Assemblyman Rooney Calls for Greater Compliance at Long-term Care Facilities

Amid reports that the state’s long-term care facilities are failing to properly notify staff, caregivers and families of COVID-19 outbreaks, Assemblyman Kevin J. Rooney is calling on the Department of Health to force compliance with their updated directives and state law.

As of April 14, New Jersey will not allow 123 nursing homes in the state to admit new residents as a result of these residences lacking the ability to isolate patients with the coronavirus. At least 342 of the state’s 375 long-term care facilities have at least one patient with the virus, and approximately 5,945 people of the 60,000 long-term care residents have tested positive for COVID-19.

Under state law passed in February, nursing homes must have outbreak response plans that include policies regarding notifying residents, staff and families. The law was in response to an adenovirus outbreak at a Wanaque nursing home that killed 11 children in 2018.

Separate Wings

“The lack of transparency at many of these facilities has to be fixed immediately to protect the staff, the residents and their family who are suffering in silence,” said Rooney (R-Bergen).

The state has surveyed all the facilities to determine if they can isolate infected residents in rooms with private bathrooms, or group infected patients together in separate wings.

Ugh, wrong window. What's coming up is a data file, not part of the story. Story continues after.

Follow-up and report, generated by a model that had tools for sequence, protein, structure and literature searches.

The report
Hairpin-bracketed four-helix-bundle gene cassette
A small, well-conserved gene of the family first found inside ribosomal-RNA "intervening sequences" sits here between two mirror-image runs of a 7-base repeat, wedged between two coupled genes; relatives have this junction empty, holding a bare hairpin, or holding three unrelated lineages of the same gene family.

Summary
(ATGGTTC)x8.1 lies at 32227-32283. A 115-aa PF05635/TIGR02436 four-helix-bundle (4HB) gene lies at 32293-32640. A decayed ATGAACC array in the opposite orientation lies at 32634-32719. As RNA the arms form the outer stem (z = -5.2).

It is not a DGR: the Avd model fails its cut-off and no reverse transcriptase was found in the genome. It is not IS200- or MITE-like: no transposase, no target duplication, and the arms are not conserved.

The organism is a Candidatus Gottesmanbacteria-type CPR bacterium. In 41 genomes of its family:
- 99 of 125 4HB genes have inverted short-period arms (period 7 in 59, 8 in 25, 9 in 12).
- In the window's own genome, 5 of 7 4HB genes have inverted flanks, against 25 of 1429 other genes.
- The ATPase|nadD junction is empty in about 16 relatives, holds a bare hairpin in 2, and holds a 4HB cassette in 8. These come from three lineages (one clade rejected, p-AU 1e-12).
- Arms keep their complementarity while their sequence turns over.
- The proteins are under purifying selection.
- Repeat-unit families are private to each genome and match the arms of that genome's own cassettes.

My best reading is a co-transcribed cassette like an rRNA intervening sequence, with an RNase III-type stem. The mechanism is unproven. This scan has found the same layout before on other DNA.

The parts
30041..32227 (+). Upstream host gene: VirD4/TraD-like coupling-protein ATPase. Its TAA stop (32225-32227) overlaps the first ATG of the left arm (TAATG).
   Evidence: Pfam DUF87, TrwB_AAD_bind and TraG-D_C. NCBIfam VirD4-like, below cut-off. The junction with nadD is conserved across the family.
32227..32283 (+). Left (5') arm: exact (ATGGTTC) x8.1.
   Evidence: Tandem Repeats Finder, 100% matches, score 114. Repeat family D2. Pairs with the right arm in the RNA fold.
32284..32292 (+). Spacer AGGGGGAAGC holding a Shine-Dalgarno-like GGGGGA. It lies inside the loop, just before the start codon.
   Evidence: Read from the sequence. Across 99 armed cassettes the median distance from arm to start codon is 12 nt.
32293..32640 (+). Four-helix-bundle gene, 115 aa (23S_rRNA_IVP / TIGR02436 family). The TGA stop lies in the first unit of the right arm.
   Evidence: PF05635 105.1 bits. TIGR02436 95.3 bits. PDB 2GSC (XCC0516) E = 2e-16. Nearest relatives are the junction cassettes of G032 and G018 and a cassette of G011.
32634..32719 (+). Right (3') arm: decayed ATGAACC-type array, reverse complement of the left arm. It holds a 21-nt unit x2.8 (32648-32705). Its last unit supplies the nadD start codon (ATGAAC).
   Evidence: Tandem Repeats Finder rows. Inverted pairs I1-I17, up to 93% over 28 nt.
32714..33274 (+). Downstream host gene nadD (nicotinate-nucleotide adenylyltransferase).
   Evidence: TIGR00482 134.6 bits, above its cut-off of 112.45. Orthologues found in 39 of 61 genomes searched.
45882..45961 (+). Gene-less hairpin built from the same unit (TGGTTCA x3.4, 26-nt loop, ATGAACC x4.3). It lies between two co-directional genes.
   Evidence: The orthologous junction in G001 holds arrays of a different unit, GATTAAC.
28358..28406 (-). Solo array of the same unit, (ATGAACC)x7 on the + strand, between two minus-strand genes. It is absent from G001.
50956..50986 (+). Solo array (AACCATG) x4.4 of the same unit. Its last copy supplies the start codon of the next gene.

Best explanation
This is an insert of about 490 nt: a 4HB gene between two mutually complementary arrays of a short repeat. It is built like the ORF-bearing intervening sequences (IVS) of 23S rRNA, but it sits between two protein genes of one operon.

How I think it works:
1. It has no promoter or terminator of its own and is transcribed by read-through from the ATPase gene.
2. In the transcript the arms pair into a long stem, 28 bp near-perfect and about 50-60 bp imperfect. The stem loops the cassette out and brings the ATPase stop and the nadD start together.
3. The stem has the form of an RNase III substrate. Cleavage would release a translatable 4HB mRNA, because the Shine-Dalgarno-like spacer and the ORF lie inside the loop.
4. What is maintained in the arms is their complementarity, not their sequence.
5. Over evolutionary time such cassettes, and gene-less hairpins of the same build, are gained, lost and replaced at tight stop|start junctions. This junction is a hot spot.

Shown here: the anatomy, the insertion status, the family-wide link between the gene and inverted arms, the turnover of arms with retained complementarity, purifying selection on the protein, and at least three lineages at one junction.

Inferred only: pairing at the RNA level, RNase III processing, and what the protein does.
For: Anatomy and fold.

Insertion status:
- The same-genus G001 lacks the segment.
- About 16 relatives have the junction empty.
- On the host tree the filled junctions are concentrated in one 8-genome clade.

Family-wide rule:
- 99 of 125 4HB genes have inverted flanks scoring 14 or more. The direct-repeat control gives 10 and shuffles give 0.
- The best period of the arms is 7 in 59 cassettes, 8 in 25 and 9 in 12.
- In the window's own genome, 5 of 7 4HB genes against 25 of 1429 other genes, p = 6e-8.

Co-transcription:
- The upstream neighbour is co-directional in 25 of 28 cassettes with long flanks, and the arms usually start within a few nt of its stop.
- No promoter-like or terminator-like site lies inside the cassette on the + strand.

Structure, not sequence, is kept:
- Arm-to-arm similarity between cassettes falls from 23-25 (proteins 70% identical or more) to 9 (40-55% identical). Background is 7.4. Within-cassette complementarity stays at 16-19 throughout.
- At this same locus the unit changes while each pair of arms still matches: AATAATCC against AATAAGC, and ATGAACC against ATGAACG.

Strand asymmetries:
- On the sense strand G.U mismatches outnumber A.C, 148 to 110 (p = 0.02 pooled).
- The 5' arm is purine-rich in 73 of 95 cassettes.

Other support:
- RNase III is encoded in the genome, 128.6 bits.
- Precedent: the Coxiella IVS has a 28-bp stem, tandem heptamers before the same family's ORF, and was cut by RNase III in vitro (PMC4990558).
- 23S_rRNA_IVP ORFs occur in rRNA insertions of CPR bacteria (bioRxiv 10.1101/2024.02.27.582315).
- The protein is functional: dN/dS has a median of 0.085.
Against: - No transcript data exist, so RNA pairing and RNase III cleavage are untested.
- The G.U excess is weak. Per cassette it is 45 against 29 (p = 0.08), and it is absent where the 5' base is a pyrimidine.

The health department issued directives requiring nursing homes to notify their residents and staff, along with residents’ families, about cases of coronavirus within their facilities. There have been 18 orders or guidance put in place for nursing homes since March 6, including new rules on visitation, offering staffing support or enforcing mandatory reporting to patients, staff and family members when people test positive for COVID-19.

Better Communication

“Our veterans, our nursing home residents, health care workers and their loved ones deserve better,” stated Rooney. “Families can’t visit their loved ones right now and some facilities are cutting off other forms of contact. It’s unacceptable.”

As part of the state’s effort to help veterans homes, the U.S. Veterans Administration (VA) is sending 90 nurses to Garden State veterans’ facilities, including the New Jersey Veterans Home at Paramus as the residence continues to face a deadly outbreak of COVID-19 that has claimed the lives of at least 24 veterans.

Current guidance requires nursing homes and staff members must be notified in person and in writing of a coronavirus outbreak at the facility they are in daily contact with. Families or whoever is designated responsible for the resident must be reached by telephone, email or another form of communication within 24 hours and in writing within three days. Notification must happen when a resident or staff member has a confirmed case or is under investigation for coronavirus.

“Clear communication is critical right now,” said Rooney. “These are life and death situations.” 

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